Affective learning is a key dimension of health professional education and involves teaching topics such as empathy or grief that impact student attitudes and beliefs to prepare them to be novice practitioners. The move in higher education toward online and blended learning (a mix of online and traditional, classroom-based learning) disrupts traditional approaches to teaching professional affect, which is heavily reliant on instructor modeling. This paper documents insight into the redesign process of a course, Professional Identity: Behaviors and Attitudes, from a traditional to a blended learning format, with a focus on affective learning. This study employed a survey approach to compare classroom and online student perceptions of learning across the seven affective topics of the course. The study also examined the contribution of various technology-enhanced learning activities to the students' perceptions of learning. Twenty-five classroom students and 64 blended learning students indicated that while both formats increased students’ perceived understanding of topics related to affective learning, the blended learning group perceived a significantly greater understanding in four affective topic areas. Furthermore, blended learning students cited reading, online discussions, and unstructured out-of-classroom discussions as contributing to their learning significantly more than the classroom group.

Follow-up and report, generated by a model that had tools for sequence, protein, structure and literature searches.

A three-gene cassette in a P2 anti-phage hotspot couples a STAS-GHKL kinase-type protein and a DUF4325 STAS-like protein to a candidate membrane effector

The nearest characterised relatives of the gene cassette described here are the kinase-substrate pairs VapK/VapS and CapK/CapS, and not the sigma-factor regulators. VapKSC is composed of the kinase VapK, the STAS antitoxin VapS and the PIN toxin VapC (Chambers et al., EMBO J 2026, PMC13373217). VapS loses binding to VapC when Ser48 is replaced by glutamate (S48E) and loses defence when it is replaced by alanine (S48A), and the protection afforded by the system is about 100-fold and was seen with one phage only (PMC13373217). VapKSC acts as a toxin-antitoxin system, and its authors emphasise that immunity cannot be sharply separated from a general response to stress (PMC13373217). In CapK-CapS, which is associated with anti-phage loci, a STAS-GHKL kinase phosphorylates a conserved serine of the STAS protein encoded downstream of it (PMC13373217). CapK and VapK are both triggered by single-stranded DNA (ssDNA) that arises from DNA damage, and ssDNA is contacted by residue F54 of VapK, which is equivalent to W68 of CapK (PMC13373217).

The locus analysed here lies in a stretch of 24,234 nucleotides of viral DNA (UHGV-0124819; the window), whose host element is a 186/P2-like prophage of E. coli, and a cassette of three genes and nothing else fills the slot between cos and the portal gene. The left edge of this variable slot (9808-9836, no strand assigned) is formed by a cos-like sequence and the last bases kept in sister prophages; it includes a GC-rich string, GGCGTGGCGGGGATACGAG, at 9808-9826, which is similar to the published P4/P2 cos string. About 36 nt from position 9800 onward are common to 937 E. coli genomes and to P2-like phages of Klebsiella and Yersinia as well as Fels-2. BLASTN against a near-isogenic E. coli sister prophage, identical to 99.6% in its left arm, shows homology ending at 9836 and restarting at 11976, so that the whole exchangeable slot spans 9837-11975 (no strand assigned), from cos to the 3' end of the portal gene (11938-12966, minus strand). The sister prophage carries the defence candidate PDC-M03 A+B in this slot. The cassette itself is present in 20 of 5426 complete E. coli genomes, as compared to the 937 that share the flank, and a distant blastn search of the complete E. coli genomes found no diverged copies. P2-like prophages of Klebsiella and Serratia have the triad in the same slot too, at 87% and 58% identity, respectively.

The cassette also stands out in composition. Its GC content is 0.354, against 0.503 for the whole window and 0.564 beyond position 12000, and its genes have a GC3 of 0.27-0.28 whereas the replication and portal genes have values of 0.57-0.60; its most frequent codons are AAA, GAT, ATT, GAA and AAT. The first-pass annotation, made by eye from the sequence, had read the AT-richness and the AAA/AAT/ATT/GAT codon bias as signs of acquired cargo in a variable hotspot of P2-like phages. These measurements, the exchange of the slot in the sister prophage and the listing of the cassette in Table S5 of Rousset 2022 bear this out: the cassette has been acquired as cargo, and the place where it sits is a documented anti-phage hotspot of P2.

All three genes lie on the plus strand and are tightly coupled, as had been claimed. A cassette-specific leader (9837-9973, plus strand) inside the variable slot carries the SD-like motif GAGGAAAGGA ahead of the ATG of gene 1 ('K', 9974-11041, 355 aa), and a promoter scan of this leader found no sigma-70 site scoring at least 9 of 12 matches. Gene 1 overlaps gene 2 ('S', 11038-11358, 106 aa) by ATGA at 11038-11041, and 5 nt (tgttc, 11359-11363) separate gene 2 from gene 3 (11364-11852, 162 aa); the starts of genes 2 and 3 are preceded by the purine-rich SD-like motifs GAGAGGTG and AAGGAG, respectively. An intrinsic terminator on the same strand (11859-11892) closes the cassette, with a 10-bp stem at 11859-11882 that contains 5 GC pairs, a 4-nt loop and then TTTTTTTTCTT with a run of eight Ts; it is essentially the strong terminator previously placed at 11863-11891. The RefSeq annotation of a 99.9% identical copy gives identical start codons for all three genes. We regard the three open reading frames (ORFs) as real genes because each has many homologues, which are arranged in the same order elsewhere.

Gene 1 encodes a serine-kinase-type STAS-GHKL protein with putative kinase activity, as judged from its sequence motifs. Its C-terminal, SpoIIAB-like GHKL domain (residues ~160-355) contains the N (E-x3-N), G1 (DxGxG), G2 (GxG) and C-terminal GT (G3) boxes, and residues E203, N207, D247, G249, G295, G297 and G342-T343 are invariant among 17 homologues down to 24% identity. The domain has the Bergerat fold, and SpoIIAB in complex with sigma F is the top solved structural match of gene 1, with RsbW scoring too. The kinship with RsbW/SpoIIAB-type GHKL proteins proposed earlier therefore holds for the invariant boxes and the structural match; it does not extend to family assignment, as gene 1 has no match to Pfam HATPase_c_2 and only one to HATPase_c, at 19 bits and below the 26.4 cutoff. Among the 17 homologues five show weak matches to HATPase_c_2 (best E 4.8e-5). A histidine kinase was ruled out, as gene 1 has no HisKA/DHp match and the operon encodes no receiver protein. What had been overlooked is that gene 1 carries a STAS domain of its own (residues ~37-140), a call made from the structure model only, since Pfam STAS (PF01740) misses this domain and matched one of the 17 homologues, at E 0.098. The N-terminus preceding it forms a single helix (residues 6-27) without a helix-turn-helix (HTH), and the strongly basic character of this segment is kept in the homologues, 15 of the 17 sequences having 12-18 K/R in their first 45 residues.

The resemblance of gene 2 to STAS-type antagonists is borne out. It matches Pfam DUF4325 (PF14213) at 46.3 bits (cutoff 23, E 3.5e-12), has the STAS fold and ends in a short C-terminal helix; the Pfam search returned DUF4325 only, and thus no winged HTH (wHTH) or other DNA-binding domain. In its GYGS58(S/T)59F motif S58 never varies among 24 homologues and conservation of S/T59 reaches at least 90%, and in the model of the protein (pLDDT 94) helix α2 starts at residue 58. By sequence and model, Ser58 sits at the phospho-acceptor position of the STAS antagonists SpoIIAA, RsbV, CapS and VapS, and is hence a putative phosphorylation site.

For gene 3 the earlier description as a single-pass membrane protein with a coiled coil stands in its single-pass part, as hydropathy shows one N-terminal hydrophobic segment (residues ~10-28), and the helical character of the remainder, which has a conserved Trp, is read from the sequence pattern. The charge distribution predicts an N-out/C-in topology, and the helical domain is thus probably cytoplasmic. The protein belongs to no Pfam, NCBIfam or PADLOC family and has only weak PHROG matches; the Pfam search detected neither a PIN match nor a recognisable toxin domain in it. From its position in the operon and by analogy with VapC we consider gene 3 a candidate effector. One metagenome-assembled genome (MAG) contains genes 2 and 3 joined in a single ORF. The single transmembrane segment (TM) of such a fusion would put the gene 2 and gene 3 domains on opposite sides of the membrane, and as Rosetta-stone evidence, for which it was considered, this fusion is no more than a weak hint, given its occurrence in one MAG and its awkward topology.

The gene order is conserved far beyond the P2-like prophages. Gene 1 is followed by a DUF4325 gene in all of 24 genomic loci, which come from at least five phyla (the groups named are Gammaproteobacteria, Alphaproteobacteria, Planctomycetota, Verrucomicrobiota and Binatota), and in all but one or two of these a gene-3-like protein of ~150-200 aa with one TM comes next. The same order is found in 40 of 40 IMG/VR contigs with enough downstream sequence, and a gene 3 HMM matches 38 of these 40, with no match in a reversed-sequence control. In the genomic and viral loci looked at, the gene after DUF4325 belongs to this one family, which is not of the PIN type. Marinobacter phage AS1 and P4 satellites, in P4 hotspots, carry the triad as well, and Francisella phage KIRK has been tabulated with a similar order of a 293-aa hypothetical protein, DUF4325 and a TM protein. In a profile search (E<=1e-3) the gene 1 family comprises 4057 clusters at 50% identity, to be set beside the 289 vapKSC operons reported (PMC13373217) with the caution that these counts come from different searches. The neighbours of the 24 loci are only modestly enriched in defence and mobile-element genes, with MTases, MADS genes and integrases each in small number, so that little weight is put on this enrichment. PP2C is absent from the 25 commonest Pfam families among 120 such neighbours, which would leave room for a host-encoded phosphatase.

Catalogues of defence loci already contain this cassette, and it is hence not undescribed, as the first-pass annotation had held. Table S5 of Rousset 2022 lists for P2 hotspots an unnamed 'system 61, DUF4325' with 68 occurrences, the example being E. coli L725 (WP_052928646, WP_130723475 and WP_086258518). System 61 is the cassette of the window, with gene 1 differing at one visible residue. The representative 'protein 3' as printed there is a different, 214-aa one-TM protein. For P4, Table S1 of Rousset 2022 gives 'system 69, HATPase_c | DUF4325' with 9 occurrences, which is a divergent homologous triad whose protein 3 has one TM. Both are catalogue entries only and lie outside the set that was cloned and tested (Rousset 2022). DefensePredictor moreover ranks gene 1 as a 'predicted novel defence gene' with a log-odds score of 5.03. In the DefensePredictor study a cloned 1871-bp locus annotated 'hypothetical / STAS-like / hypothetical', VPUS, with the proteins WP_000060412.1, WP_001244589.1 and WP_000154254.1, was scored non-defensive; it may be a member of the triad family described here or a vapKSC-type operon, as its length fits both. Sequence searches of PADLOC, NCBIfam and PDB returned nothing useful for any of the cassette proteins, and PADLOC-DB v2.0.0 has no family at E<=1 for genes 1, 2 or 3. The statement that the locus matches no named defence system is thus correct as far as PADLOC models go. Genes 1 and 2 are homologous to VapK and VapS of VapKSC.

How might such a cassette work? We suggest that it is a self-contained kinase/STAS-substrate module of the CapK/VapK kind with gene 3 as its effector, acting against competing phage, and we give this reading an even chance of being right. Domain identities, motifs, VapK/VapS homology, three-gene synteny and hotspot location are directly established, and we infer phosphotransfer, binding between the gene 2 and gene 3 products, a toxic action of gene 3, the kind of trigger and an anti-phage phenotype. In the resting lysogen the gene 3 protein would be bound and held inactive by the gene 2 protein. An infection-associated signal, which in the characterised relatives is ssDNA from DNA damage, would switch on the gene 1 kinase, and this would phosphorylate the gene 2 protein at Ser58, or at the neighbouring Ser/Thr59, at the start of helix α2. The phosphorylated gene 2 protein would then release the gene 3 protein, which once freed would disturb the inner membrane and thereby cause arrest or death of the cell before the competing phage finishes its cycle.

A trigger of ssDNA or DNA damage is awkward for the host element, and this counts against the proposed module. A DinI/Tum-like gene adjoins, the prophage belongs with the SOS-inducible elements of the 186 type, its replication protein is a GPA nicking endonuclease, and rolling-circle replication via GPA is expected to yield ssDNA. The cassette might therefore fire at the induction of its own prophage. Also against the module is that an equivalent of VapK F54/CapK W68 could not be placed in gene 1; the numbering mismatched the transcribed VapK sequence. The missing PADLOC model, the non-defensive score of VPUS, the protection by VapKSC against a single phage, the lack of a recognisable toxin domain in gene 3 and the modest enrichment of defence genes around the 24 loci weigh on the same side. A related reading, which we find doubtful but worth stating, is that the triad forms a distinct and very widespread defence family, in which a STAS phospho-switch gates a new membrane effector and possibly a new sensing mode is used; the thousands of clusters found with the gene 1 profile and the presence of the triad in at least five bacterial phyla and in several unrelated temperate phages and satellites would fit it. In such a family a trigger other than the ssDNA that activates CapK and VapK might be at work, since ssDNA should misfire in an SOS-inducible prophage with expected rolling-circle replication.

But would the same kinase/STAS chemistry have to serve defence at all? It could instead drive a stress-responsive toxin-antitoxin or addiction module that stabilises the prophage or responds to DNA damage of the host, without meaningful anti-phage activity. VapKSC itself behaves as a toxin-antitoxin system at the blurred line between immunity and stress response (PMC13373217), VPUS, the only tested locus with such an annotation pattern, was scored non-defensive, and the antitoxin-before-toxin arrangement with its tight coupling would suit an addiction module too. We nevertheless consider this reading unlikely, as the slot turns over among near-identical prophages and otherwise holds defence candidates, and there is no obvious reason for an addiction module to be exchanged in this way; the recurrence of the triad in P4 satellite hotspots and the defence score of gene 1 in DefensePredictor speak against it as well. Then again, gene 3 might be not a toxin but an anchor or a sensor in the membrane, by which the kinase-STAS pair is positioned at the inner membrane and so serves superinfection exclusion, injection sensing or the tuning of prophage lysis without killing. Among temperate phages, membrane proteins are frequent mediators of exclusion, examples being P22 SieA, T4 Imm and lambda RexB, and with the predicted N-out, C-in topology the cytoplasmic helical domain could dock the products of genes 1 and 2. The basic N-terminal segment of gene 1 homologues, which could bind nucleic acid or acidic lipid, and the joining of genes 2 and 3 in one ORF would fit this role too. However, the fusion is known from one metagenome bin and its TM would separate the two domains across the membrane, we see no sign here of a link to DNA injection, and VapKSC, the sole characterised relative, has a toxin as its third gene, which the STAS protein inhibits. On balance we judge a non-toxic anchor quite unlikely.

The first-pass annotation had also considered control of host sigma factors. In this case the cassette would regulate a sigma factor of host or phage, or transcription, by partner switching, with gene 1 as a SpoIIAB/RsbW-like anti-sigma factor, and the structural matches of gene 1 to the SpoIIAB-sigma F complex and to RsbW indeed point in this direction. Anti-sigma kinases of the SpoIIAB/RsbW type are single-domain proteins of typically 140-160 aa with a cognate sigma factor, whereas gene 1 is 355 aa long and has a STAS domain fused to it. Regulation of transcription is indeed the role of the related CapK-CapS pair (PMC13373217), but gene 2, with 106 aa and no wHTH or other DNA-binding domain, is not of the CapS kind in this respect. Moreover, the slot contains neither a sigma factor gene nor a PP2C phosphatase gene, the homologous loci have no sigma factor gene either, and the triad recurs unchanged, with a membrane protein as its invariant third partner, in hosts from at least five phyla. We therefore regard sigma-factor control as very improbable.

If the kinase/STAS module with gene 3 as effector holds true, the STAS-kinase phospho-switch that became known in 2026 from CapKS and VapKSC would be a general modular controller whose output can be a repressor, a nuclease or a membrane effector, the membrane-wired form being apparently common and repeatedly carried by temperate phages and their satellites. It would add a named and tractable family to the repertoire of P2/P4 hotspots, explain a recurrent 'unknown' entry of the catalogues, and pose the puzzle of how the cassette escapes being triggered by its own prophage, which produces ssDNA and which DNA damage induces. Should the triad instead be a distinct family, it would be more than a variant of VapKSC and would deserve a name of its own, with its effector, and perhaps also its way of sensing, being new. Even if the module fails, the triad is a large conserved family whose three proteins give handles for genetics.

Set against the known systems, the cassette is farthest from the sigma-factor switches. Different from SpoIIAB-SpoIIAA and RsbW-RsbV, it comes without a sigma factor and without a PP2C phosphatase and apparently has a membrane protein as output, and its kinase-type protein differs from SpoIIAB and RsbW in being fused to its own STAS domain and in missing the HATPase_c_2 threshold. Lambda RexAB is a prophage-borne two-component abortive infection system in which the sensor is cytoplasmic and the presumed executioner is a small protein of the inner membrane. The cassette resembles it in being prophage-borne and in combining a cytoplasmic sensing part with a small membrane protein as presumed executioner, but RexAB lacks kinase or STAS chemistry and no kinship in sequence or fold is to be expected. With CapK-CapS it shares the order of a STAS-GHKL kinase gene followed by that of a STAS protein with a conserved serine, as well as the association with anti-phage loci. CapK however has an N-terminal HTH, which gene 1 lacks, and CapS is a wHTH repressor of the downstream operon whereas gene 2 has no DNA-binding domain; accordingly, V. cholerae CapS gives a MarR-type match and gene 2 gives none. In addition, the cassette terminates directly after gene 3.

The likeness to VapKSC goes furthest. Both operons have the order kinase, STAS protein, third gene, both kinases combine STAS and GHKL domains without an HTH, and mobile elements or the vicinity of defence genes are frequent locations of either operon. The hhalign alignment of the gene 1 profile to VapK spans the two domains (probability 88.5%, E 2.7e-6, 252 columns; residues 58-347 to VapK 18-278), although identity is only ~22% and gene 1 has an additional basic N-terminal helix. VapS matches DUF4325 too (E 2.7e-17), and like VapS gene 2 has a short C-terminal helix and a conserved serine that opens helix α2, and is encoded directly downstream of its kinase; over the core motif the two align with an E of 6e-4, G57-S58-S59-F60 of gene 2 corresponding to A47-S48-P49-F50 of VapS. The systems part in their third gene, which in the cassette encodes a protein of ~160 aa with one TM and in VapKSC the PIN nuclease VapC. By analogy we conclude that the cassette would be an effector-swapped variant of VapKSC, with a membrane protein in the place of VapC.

Creative Commons License

Creative Commons Attribution-Noncommercial-No Derivative Works 4.0 License
This work is licensed under a Creative Commons Attribution-Noncommercial-No Derivative Works 4.0 License.

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